The history of mission is usually written from the prospective of the "sending" churches, and is a history of how and why missionaries were sent, and about success and failure. Very little has yet been written of missionary history from the "receiver's" perspective. I suggested in my book, "The Challenge of Change, the Anglican Communion in the Post Modern Era" that it would be helpful to have a greater sense of what missionary work looked like from the receiver's point of view.
In the context of Anglicanism this is being addressed more and more often. The Prime Bishop of the Episcopal Church in the Philippines, Edward Melacdan, has written a lengthy article on the history of St. Andrew's Seminary in the Philippine Episcopalian. It is very much worth the read.
The Prime Bishop notes that for many years during and following Bishop Brent's work that opened the official presence of The Episcopal Church in the Philippines, it was thought that Filipinos were not suited as candidates for ordination. No effort was made to train Filipinos for ministry until during the depression it became impossible to send sufficient US or western clergy. Only then did the Missionary District in the Philippines begin to work at securing vocations from among the Episcopal communities IN the Philippines. The story of the effort that finally led to the establishment of St. Andrew's Theological Seminary is one that points to some of the worse and some of the best in Anglican missionary efforts. The worse because it was strongly colonial and racially prejudiced. The best because as the Seminary grew in its vocation it took on greater and greater ecumenical and national importance.
Towards the end Bishop Melacdan raises a problem not unlike that felt in TEC seminaries: "The population of the seminary has dwindled ... Graduates are becoming less and less each year and St Andrews Theological Seminary could not even produce the needs for priests in the 6 dioceses (7 when the EDSP divides next year). This is partly because of the continuing onslaught of secularism in the world which has dramatically decreased the number of people with vocation. The ordained ministry is not the first choice of high school graduates. Given the opportunity to study, they would rather be professionals. The other reason is the fact that majority of our members are families who could hardly make both ends met financially. In many instances, people with vocation apply to seminary but when they are accepted they do not enroll because of the subsidized cost they have to pay and which their parents can ill afford. Some of those accepted do enroll but leave the seminary at some point of a given semester because of the same financial burden."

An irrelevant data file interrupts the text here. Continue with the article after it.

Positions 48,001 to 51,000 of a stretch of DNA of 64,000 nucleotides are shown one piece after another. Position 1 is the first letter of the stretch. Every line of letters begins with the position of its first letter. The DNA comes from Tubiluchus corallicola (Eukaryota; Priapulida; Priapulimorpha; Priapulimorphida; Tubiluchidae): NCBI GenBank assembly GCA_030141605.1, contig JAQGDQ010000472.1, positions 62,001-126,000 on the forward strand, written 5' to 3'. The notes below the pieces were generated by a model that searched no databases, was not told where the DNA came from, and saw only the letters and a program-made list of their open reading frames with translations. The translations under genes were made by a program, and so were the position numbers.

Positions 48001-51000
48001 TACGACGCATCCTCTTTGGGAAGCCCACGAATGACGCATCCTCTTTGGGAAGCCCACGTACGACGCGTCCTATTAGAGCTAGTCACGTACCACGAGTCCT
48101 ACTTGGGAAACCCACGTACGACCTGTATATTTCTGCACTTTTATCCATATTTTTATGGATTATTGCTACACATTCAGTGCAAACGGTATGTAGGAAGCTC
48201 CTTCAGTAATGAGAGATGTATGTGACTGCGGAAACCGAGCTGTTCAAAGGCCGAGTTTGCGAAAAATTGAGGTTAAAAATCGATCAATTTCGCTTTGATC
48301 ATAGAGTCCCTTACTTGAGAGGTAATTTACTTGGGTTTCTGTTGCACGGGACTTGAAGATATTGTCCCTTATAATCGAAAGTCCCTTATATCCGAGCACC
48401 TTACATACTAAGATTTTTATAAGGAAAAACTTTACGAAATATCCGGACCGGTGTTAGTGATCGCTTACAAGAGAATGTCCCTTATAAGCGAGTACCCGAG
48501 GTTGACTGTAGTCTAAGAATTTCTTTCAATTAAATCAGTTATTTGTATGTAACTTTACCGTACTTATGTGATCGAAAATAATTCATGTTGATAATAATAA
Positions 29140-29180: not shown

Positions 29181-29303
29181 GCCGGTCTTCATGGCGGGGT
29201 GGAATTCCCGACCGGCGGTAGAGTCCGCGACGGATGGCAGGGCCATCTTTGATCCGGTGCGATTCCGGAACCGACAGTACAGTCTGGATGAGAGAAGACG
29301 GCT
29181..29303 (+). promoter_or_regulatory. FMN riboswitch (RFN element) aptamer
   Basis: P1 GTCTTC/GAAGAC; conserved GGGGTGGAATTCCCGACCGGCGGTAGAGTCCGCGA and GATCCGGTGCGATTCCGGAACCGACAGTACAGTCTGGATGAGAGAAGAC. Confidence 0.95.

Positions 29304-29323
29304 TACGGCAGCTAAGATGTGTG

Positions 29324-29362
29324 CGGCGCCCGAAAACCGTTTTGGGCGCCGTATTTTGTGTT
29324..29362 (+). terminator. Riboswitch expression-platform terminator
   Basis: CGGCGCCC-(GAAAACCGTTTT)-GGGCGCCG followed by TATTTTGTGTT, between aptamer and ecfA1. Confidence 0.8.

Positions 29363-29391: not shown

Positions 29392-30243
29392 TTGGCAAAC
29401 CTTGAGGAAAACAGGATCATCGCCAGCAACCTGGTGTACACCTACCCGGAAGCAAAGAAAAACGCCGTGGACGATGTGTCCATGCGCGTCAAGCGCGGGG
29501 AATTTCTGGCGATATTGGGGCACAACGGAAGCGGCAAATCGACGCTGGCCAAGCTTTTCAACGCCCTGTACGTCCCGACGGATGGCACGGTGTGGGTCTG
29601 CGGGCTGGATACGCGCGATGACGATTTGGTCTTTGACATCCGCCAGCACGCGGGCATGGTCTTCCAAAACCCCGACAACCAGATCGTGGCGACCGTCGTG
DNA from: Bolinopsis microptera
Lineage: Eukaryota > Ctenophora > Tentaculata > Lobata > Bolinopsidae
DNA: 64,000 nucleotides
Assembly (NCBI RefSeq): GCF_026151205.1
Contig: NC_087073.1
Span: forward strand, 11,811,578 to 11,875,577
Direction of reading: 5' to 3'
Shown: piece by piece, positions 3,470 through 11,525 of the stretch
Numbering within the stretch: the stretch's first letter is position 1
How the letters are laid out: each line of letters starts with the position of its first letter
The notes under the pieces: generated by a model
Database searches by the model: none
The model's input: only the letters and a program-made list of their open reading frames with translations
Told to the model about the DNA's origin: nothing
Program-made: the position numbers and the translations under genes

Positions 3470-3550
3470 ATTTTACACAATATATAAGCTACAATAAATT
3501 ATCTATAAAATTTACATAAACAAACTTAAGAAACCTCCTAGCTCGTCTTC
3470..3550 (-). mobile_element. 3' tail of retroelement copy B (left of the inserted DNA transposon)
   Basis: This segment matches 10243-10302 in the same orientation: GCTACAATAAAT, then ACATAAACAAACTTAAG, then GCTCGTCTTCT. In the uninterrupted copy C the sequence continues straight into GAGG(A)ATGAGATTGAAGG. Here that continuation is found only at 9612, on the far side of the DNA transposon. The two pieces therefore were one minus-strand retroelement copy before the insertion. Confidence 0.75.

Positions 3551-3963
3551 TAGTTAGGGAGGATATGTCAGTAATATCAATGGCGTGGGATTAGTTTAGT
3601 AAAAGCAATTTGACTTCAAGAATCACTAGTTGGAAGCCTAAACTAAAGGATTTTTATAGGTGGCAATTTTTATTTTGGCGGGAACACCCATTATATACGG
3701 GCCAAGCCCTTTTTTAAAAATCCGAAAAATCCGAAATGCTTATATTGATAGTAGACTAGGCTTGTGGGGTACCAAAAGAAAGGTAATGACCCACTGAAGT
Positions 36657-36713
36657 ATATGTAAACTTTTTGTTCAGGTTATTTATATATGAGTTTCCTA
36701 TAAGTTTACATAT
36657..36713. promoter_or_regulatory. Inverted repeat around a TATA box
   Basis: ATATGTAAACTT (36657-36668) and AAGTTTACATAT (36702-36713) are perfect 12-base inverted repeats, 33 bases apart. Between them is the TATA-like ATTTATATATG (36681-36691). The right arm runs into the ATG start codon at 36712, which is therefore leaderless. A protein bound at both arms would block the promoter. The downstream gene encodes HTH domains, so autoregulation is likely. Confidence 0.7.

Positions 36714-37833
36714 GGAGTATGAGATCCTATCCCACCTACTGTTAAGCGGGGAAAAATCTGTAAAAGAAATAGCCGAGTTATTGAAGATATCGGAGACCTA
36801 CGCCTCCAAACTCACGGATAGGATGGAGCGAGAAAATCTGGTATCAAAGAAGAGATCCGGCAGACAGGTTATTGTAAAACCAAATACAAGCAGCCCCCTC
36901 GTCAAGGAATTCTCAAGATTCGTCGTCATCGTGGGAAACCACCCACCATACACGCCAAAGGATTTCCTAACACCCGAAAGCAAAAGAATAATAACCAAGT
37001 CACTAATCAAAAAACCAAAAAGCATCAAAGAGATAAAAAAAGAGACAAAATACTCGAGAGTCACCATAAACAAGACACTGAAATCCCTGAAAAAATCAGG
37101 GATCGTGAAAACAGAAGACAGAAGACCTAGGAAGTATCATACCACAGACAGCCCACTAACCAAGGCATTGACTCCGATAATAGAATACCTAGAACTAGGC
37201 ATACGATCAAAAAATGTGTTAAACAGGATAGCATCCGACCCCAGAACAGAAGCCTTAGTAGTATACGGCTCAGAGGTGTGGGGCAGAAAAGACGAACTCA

Read the article. It is a PDF File and can be downloaded HERE. It begins on page 3 of the Philippine Episcopalian. While you are at it, glance through the rest of the paper. The Episcopal Church in the Philippines is a small but vibrant member church of the Anglican Communion.